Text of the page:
My purpose in writing today is to encourage you to hang on to these memories and to write about them if you are so inclined. The initial drafts of your work come easily because you simply write down in narrative form, or poetic form, what you remember about the flashbulb event. Then, you contextualize your memory based upon an audience that you want to reach.
For example, I was so distraught at the news of President Kennedy’s death on November 22, 1963, that I vowed to find out why someone would do such a dreadful thing. Forty years later, I published a biography of the accused assassin, Lee Harvey Oswald. The first chapter was based upon my own flashbulb memory of that horrible day. The remainder of the book was an academic study of Mr. Oswald’s life.
I was so saddened over the loss of life in the Oklahoma City bombing of April 19, 1995, that I once again vowed to peer inside the mindset of someone who would act in such a horrific way. When the New York Times reported on April 21 that accused bomber Timothy McVeigh had attended militia meetings in Michigan, I dug deeply into the mental makeup of people who join militia groups. The result: thirteen academic studies about the militia movement.
My third flashbulb memory came ironically enough on another November 22, this time in 2002. This was not a day that everyone remembers. It had more significance to me as an individual than for most people. The news flash on this day was that yet another woman was now missing in South Louisiana, this one in Lafayette. I immediately thought of the South Louisiana Serial Killer case. If confirmed as a victim of the serial killer, it would be his fourth victim. I was greatly concerned for the safety of my female students – I am a professor in Lake Charles – and now there was a victim about an hour away from where I live and teach. My fears about the case led to my book, In Search of Derrick Todd Lee, which was about online activists trying to coordinate information about the killer.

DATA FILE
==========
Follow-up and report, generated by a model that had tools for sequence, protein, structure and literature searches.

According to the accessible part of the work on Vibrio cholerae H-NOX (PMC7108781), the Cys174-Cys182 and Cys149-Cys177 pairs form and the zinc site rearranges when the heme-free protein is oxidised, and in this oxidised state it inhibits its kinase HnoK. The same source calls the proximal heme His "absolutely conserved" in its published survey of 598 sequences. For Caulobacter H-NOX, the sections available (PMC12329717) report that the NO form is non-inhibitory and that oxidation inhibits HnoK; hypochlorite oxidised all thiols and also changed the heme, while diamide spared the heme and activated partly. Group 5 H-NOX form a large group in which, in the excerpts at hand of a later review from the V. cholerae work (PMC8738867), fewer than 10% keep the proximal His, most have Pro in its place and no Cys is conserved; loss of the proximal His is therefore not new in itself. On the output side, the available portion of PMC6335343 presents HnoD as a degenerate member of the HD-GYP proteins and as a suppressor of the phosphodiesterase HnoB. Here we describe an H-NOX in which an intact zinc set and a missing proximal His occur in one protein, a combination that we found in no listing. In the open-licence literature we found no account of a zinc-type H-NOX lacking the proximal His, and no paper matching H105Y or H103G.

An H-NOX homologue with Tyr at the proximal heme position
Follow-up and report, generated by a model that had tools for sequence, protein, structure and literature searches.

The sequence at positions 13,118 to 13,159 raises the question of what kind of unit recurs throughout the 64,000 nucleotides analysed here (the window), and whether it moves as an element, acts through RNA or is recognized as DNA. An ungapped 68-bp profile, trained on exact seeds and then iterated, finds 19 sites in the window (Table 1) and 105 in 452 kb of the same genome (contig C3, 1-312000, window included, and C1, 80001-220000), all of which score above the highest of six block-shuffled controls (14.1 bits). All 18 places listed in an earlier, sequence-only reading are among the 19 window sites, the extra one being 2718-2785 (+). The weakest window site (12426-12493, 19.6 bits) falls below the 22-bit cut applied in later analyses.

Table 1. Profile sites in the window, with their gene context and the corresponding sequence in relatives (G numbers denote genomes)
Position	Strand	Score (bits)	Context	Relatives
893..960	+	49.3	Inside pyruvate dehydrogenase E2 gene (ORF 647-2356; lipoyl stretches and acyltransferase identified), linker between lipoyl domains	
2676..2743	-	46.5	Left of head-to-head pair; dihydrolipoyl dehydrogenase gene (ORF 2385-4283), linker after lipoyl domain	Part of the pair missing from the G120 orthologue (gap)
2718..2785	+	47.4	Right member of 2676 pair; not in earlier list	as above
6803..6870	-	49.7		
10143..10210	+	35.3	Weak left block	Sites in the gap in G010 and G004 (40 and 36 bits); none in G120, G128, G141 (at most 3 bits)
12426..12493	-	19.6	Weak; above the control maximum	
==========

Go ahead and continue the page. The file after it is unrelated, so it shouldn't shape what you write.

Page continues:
As you can see, my flashbulb memories were about major newsworthy events, but flashbulb memories do not always require such a high profile. The death of a relative, a pet, or the horrendous aftermath of a violent storm are also examples. Or, you win an award and life changes forever for the better. Some flashbulb memories are positive. .
One reason that flashbulb memories are remembered is because these memories tend to be retold over and over again. Because of that, accuracy tends to be lost over time, and the details are not necessarily accurate. Don’t worry, the memory is still vivid to you and deserves to be told as you remember it. Readers will bond with your account if they’ve been through something similar.
Stan Weeber is an Associate Professor of Sociology at McNeese State University. He has written or edited 20 books, including In Search of Derrick Todd Lee: The Internet Social Movement that Made a Difference (Lanham, MD: University Press of America, 2007).